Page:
The SAO method is the correct way of responding to behavioural interview questions. The interviewers are likely to be aware of it but most importantly they are looking to see that you deliver a response which gives a thorough example which includes a Situation, an Action and an Outcome.
Example of a behavioural conflict resolution interview question and response using the SAO method.
QUESTION: Tell me about a time when you had to respond to an unhappy customer
Situation: When I was part of the customer service team at Aldi I had a very upset customer complain to me about the service provided by one of my team members. The customer explained to me a step by step account of what had happened. As she had explained it, my team member had promised to follow up on a package for her that had already been missing for a week but had not ever called her since and did not responded to any of her emails or phone calls. As the team leader was away, I needed to try to resolve the situation- especially seeing as the customer was in urgent need of receiving her package. I really apologised to the customer for her experience and promised to call her back that day, after I had managed to speak to the team member in order to resolve her issue. I promised the customer that no matter what, it would be my priority to get to the bottom of the situation and recover her package.
Action: I approached the team member by asking her to meet me in one of the meeting rooms so that we could talk privately. Once in the room, I just explained exactly what the customer had said to me over the phone about the situation and waited for her response. She just dismissed me and said that the parcel had already been sent back and that she tried to call the customer once but didn’t leave a voice message.
I explained to her in a calm way, that it was important to make sure we do ensure that we keep our customers updated regarding lost items and that next time she should leave a voice message and send an email as well.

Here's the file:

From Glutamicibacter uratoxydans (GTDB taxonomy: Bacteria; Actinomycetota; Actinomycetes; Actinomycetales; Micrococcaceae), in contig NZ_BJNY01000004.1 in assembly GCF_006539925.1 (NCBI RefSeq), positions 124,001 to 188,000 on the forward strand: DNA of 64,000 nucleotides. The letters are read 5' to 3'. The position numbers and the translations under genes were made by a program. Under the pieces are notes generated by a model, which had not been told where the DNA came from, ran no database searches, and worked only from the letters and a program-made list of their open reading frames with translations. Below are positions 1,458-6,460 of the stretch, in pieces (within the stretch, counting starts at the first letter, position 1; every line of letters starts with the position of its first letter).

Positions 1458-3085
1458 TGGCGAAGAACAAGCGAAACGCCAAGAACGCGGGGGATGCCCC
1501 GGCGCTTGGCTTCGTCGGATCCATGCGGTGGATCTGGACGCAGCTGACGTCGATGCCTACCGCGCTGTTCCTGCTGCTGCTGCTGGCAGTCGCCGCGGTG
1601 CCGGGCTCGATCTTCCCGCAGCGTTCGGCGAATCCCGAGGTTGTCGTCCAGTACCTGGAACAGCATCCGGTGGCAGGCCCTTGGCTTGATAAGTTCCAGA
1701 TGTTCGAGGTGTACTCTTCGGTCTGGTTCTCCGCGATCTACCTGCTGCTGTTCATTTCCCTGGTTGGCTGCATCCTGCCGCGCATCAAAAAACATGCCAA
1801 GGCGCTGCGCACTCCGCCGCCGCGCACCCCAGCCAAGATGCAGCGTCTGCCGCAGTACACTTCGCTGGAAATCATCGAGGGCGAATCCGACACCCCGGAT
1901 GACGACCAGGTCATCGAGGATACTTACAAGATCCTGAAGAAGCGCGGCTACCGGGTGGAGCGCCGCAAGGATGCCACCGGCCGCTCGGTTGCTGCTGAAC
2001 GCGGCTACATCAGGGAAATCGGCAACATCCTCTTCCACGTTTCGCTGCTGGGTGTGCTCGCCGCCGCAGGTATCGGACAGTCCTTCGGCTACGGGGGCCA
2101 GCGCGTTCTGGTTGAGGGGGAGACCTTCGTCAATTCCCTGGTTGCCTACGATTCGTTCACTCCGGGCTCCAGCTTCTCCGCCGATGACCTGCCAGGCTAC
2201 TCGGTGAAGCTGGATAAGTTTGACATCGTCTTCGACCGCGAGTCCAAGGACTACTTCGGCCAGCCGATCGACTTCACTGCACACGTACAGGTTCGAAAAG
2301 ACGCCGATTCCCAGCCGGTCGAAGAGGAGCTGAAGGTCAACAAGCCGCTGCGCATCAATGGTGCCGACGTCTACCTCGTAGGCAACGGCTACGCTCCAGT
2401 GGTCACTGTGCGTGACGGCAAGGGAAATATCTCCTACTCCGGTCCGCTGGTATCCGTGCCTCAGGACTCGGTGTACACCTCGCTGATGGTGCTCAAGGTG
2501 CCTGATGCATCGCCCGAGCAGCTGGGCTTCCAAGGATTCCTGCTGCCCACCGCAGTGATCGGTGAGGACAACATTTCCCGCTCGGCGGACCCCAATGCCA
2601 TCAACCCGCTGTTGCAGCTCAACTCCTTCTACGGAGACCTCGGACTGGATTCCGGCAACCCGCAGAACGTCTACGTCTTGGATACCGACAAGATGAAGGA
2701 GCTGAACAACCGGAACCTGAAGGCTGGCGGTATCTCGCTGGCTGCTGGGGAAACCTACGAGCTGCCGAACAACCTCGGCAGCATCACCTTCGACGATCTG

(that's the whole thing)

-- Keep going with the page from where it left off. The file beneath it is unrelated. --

My colleague responded defensively by telling me that I wasn’t the team leader so I had no business telling her what to do and left the room. Whilst I knew that my team member was acting completely unprofessionally, I knew that the most important thing was to follow up on the package and get back to our customer as soon as possible.
Outcome: I recovered the location of the package and found that it indeed was on its way back to her. I then called the customer to let her know that she should receive the package the following day and to let me know if for some reason, it didn’t. I gave her my personal office number and email address. Once again, I completely apologised for the situation. I said I was unable to speak for the team member’s actions at that point but that I would personally manage her account from there on.
When my manager returned to the office the next day, I explained what happened and she took the further appropriate course of action. She said she was very proud of my decisions that day and my ability to focus on the most important thing which was the customer.
About the example: This is an example of a difficult situation where the candidate explains an issue with an upset customer and a seemingly unprofessional employee. Whilst there could be an opportunity for conflict, the candidate does the right thing by focussing on the customer and resolving their issue rather than focussing on the other employees behaviour. It’s always best to let the manager handle those situations. The interviewee also shows great customer service skills by assuring the customer that they will get back to them within a certain time frame. Offering their personal number is also a really nice touch.